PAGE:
Measuring ultra-low impedances (20 micro-ohm) is a challenge for any power distribution network (PDN) design engineer. The 2-port shunt-through measurement is the standard method for measuring milliohm impedances up to very high frequencies (GHz). Unfortunately, this measurement includes an undesirable ground loop related to the instrument grounds and test setup cabling. The ground loop introduces significant errors if proper care is not taken. This application note shows how to measure as low as 20 μΩ using the Picotest J2102A as a ground loop breaker.
After reviewing the differential impedance as well as the even or common mode, let’s now dive into the physical parameters of a differential pair.
aDuring PCB West, we met with Geoffrey Hazelett to discuss one of the most important PCB topics: impedance. Vice President Sales at Polar Instruments, he also explained the importance of understanding electromagnetic models, solutions of Maxwell’s equations in a two or three-dimensional environment, etc., and shared some insight on PI’s tools.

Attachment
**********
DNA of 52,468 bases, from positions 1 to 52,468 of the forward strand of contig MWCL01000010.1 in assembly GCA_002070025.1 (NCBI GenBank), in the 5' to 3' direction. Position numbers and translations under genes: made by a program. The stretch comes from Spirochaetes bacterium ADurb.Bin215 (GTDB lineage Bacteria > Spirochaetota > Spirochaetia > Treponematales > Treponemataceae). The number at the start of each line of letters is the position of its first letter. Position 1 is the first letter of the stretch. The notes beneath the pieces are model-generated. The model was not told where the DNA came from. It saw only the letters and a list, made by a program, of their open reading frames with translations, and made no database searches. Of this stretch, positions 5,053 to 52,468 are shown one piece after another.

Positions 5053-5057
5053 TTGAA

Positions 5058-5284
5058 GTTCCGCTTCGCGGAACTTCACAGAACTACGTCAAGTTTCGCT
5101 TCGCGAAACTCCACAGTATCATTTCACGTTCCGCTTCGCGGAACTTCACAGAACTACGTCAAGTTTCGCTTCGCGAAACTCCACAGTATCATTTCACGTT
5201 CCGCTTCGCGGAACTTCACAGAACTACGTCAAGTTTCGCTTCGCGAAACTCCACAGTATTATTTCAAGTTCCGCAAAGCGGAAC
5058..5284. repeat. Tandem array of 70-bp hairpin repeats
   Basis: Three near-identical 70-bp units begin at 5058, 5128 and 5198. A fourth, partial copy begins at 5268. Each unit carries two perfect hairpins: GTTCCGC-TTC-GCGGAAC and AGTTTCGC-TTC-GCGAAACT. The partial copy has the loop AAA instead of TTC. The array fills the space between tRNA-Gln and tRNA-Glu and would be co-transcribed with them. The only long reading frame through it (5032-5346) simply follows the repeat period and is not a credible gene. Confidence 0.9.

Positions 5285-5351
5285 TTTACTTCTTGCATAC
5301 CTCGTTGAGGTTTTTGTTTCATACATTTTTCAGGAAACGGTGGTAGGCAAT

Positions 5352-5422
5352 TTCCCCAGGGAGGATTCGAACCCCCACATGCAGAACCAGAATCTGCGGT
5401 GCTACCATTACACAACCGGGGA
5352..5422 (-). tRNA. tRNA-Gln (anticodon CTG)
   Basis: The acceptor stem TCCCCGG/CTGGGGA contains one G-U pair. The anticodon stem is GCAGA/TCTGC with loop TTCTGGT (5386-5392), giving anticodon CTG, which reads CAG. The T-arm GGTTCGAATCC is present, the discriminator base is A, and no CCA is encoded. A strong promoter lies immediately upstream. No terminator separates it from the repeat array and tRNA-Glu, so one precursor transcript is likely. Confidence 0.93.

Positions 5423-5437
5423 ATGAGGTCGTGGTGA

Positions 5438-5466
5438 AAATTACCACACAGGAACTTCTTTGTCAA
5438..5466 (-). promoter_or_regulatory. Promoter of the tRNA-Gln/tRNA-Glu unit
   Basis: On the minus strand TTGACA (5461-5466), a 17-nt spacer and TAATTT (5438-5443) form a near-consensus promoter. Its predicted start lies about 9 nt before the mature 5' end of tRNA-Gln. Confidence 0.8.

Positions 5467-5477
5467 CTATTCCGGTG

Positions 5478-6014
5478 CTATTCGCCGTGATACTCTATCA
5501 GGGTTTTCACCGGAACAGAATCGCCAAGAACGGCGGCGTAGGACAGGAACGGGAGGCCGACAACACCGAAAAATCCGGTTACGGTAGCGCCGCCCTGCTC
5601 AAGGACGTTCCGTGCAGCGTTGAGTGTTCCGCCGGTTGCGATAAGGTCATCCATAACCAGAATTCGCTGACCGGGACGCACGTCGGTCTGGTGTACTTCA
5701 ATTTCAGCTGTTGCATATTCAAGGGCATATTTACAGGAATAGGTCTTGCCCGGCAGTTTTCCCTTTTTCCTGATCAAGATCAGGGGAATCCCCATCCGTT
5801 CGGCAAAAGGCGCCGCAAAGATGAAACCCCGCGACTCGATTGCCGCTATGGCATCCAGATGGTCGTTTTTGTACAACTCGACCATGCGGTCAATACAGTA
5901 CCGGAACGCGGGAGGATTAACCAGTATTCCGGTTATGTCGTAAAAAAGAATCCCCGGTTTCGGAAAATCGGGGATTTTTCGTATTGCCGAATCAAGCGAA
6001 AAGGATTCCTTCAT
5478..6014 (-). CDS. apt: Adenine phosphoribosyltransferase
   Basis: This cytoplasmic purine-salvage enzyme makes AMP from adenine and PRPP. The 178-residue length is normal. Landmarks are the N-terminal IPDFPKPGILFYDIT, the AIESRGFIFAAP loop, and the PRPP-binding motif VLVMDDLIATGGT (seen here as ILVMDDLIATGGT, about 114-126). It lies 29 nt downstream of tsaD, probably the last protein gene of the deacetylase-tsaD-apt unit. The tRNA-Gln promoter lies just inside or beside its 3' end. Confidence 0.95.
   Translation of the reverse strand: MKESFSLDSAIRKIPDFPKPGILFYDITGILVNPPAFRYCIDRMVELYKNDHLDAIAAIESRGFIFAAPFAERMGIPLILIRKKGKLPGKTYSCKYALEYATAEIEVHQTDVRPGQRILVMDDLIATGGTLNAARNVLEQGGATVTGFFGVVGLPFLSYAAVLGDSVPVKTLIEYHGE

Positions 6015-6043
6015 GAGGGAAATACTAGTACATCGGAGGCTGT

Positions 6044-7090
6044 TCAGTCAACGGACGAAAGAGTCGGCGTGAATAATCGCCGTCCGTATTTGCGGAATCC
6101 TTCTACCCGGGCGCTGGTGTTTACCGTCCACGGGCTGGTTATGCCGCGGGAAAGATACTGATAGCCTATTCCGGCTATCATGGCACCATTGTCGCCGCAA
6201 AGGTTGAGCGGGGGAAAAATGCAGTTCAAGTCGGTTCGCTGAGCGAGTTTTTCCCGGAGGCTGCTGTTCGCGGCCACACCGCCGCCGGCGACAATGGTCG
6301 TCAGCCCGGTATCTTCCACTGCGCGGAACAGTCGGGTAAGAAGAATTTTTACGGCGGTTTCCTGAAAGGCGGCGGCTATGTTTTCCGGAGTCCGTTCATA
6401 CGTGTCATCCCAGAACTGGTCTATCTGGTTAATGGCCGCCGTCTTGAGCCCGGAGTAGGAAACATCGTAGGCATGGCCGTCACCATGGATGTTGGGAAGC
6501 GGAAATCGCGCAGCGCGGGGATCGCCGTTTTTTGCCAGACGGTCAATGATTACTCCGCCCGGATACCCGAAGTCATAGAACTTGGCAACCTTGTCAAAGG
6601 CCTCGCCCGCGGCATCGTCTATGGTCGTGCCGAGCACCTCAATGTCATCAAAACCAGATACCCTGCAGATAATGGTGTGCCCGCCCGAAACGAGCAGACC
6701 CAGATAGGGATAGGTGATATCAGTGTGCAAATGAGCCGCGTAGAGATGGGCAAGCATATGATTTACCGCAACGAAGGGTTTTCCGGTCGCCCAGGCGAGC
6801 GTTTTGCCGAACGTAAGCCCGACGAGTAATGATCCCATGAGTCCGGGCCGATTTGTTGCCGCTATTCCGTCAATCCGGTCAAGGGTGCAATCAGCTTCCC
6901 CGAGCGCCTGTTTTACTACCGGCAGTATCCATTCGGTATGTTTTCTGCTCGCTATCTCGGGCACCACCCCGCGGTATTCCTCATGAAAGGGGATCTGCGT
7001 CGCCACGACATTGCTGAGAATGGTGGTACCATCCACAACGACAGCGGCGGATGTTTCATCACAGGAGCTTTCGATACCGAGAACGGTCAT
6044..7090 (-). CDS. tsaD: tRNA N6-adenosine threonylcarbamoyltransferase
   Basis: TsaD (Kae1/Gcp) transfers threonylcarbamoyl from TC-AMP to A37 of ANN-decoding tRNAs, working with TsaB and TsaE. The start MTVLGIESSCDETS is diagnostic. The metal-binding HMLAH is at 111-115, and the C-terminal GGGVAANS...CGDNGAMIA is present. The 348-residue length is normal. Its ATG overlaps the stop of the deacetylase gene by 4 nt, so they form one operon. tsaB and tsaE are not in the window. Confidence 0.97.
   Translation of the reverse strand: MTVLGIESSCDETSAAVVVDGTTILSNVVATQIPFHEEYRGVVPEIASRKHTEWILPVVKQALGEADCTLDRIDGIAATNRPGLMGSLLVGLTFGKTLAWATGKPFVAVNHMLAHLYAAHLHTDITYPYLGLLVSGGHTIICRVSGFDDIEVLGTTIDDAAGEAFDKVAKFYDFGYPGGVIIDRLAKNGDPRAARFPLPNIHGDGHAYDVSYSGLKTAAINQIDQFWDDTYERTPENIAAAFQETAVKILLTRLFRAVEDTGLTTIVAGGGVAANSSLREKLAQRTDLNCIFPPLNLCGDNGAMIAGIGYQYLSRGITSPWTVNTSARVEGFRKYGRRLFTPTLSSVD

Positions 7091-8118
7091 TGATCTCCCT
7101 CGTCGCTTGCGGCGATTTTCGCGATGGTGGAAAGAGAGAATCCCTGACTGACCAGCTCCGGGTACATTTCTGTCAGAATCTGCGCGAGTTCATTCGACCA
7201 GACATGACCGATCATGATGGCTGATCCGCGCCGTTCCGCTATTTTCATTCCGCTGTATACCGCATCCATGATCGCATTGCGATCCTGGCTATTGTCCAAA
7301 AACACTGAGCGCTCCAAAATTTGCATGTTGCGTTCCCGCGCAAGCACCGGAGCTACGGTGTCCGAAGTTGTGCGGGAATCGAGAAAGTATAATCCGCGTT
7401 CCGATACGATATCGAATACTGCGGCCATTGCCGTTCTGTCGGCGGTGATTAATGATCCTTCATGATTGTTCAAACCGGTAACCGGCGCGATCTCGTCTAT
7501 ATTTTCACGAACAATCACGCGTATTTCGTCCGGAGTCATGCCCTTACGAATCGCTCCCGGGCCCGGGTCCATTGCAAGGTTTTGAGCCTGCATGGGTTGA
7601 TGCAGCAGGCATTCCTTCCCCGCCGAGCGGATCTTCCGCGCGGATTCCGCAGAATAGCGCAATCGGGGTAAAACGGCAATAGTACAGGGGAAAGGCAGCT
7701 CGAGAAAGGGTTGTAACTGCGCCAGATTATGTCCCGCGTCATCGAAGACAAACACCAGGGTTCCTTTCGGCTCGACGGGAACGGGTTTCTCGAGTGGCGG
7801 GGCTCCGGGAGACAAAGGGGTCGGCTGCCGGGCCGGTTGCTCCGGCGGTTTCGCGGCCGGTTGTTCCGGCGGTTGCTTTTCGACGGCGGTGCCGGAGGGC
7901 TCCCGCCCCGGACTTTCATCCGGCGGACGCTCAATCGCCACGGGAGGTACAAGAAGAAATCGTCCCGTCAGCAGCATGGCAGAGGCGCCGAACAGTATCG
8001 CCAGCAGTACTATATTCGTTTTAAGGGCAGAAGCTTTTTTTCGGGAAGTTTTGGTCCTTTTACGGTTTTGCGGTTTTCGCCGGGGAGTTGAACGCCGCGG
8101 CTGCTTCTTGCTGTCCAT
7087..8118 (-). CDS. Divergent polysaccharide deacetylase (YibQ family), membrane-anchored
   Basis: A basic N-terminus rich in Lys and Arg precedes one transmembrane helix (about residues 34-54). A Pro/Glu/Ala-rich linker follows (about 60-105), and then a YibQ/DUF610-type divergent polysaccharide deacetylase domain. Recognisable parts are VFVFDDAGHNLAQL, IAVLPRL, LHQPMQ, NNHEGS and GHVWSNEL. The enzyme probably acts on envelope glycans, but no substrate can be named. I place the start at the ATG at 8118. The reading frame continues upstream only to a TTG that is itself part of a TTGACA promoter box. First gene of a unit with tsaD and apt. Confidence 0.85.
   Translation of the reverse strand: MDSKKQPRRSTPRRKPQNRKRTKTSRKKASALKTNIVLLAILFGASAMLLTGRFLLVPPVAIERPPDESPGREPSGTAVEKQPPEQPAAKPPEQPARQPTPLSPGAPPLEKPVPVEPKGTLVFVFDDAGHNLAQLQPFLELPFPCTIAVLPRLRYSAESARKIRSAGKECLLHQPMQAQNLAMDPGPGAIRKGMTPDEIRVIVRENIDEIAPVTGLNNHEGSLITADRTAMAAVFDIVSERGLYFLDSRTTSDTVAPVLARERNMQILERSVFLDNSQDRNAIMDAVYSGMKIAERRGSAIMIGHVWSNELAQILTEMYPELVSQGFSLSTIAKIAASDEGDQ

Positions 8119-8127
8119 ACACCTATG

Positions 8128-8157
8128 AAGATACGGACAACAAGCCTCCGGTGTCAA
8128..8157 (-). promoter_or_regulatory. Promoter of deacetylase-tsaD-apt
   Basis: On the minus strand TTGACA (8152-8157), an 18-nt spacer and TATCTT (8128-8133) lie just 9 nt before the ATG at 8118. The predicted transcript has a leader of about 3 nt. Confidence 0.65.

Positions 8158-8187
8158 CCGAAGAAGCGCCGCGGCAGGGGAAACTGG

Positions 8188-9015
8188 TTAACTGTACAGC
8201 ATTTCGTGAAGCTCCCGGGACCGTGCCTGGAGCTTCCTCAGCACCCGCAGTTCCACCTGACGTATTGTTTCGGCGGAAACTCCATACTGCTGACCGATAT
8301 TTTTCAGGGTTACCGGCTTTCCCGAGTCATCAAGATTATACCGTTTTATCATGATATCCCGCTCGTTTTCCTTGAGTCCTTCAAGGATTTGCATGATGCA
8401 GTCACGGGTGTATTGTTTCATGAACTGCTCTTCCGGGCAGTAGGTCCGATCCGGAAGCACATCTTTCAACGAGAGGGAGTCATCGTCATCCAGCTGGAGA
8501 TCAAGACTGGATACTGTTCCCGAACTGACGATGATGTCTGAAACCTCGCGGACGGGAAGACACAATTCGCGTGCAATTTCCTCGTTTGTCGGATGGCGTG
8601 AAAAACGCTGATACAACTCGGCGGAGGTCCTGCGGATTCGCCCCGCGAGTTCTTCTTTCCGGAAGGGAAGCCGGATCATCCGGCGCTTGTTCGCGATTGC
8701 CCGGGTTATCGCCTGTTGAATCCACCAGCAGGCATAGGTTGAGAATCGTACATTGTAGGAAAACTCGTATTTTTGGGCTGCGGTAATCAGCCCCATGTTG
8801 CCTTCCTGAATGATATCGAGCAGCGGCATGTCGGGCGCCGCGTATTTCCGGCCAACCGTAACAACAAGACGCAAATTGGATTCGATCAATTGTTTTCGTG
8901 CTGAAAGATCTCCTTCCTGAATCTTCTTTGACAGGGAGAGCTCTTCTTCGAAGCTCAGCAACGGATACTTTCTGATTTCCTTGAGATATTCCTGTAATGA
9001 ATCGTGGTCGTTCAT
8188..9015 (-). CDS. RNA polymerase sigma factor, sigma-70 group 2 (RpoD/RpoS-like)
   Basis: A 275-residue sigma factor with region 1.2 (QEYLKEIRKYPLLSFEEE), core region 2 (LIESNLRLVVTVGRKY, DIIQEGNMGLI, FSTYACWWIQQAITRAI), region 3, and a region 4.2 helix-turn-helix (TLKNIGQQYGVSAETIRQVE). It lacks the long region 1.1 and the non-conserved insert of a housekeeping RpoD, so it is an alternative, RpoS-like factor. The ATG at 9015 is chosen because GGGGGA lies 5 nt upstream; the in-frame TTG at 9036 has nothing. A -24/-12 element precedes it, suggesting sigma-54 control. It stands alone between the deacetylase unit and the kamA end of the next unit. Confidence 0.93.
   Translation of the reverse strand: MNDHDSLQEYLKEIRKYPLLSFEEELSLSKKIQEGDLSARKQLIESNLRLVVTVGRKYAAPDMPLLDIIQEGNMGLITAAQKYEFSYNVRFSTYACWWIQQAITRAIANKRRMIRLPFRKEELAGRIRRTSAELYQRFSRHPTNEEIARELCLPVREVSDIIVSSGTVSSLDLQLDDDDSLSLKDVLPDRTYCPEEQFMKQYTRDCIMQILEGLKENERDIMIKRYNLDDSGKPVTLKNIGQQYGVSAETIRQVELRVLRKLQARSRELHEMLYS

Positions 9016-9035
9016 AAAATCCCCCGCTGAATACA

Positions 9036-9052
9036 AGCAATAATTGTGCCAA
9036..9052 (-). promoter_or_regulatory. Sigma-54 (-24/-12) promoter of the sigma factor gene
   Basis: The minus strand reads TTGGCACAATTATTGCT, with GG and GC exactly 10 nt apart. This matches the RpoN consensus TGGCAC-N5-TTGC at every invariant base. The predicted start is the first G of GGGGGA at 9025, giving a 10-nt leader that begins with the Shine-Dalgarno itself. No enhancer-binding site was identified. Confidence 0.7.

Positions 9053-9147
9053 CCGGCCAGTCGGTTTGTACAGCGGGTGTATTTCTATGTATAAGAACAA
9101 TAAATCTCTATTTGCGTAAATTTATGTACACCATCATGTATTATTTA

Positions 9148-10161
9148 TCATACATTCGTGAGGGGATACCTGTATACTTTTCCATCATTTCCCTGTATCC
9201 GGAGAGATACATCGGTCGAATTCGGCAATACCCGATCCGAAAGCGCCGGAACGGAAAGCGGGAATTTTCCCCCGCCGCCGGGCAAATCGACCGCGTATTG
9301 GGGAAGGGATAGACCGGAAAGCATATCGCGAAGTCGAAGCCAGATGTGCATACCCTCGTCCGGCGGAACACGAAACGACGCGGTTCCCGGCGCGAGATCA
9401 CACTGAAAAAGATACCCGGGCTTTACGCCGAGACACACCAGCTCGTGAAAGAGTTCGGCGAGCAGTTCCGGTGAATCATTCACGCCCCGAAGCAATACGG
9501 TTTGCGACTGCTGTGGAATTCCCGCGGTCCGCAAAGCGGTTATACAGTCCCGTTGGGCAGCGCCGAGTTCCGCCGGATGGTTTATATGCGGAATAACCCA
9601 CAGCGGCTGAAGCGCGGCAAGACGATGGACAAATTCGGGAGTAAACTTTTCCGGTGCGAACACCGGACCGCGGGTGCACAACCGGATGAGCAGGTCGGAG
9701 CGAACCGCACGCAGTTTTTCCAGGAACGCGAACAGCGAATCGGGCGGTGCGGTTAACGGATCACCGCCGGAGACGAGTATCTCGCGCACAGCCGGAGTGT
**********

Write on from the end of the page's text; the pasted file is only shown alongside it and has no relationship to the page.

We previously quickly discussed signal reflection in our PCB Transmission Line series. This is an in-depth article about this very important topic that PCB designers should master. The first thing to remember is that reflections in transmission lines occur due to impedance discontinuity.
A transmission line should have a uniform characteristic impedance. Any variation or discontinuities to the impedance causes signal reflection and distortion. Continue reading “How Impedance Discontinuities Affect Signal Integrity”
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